Asda hasn’t become ‘boring’ and is approaching 2010 in an aggressive mood with a raft of new initiatives, chief executive Andy Bond tells Jennifer Creevy
Asda chief executive Andy Bond last week outlined “a new chapter for future growth” for the Walmart-owned grocer. And that strategy included a return to its Everyday Low Prices (EDLP) strategy, a push to open smaller stores, bolstering non-food and ramping up online.
Last week Retail Week Online revealed the contents of an explosive note from JP Morgan that claimed Bond had admitted it had become ‘“boring”. But despite suggestions that Asda underperformed over Christmas and in January, and that it had suffered by not having a loyalty scheme, Bond insisted the grocer’s new strategy is not a “fightback”.
Bond is comfortable with Asda’s Christmas performance. In its fourth quarter - to January 31 - like-for-like sales rose 4.6%. For the full year, it recorded like-for-likes up 6%.
However, market share figures showed that Asda’s share has slipped. According to Kantar Worldpanel, Asda’s market share for the 12 weeks to January 24 fell 0.1% year-on-year to 16.9%.
Bond admitted that Asda had been hit by the intense promotional tactics of its rivals, which “clouded our EDLP strategy”, but also said that Asda suffered from the snow more than any of the other grocers.
“We outperformed Tesco and Sainsbury’s in our fourth quarter but the real issue for us was the snow,” says Bond. He pointed out that Asda has fewer stores than its competitors, most of which are out of town, and it therefore suffered as shoppers avoided driving.
Most analysts warn against jumping to any conclusions from the market share figures. “One month’s data does not determine a trend,” says Oriel analyst Jonathan Pritchard. “The snow was a material factor for Asda over the other grocers, but whether there are any long-term problems for the business will only become clear after we see the share data for the next couple of months.”
Like Pritchard, most analysts are willing to give Asda the benefit of the doubt over its recent performance but, nevertheless, the grocer has still laid out ambitious plans for growth this year.
“Asda’s plans are combative but the grocery sector is always very competitive,” says Pritchard. “They will intensify the battleground but should have a fair shot at it, and obviously have the backing of Walmart to help them.”
A key part of Asda’s plan is to refocus around its EDLP proposition. Bond says his three rivals are guilty of employing “weapons of mass distraction” when it comes to pricing, while Asda charges a consistent low price.
“In times of falling inflation suppliers invest more in promotions rather than investing in reducing the base price of their products,” says Bond. “This type of promotional activity benefits high-low retailers that are less interested in lowering real prices.”
Bond says Asda will cut down on promotions and instead spend that money on lowering prices across the board. He says: “The level of promotions is a problem for everyone but, for a brand built on EDLP, we need to push back on this activity and our suppliers are very supportive.”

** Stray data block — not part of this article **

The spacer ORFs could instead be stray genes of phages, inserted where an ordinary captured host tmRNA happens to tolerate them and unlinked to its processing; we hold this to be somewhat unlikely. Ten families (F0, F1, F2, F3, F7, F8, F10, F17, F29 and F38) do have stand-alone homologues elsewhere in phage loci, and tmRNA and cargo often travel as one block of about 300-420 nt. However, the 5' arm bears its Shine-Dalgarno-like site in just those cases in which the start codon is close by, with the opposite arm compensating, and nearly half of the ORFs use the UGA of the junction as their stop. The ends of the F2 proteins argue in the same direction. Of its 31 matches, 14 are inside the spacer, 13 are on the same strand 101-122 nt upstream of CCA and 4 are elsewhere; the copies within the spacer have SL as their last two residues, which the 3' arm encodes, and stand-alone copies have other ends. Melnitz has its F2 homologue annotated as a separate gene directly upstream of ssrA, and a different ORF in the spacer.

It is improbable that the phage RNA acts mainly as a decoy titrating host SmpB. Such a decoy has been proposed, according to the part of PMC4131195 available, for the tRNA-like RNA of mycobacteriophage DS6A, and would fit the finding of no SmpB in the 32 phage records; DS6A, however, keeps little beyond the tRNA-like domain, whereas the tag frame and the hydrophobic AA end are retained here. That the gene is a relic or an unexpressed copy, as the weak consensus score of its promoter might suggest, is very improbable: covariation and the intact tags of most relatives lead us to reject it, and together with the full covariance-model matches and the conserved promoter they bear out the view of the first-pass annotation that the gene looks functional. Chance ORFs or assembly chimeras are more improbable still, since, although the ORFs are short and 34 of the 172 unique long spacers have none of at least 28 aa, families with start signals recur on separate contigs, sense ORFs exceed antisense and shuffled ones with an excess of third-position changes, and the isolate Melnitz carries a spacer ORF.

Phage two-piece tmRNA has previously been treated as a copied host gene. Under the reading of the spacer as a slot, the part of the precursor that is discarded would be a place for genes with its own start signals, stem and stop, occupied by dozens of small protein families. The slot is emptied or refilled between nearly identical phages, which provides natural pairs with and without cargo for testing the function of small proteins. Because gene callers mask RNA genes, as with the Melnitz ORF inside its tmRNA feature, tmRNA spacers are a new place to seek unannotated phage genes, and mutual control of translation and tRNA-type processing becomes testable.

Charles Stanley analyst Sam Hart says the level of promotions across the sector stands at about 30%. He adds: “Part of the reason suppliers backed promotions when the recession hit was that they saw a significant weakness in sales but, as the economy recovers, they may be less willing going forward. There won’t be a massive cutback though as promotions are a key characteristic of the grocery sector.”
Bond believes customers will understand the grocer’s EDLP position even if rivals remain gung-ho on promotions. “We hope customers will understand what we’re doing and I have a gut feeling they will,” says Bond. “It will be tough but we’re confident in the long term it’s the right thing to do.”
A question of loyalty?
Bond denies Asda was hit over Christmas by not having a loyalty card. Both Tesco and Sainsbury’s upped the ante on loyalty over the festive season; the former offered double Clubcard points, an initiative that it has since extended to this summer, and the latter ran a coupon-at-till campaign. Morrisons also ran a voucher promotion in the run-up to Christmas.
Bond says: “There’s no evidence those without loyalty cards have suffered as over the past 12 months Morrisons and Asda have shown the most growth of the big four and we are the two without cards.”
He insists the unprecedented voucher campaign that Asda ran in January was to win back customers who had struggled to get to its stores in the snow. “I will do things in the short term that I think are right but I want to be judged over the long term,” he says.
Bond remains insistent that Asda does not need a loyalty card, and already collects valuable data on customer shopping habits. He says: “We reward our customers with our EDLP - not plastic points.”
However, according to analysts at JP Morgan, who attended an Asda supplier conference earlier in the month, Asda acknowledged that cards were having an impact and that the grocer “would do something about it”.
Hart says loyalty is “difficult to quantify”. He adds: “It does seem almost indisputable that Tesco got a significant boost from its double Clubcard promotion at Christmas and that could have affected Asda’s sales but there is no way of knowing this for sure.”
Bond denies saying Asda is “boring” - which JP Morgan claims he said at the suppliers conference - and pointed to the relaunch of its premium range Extra Special and the extension of its local and world food offers as recent initiatives.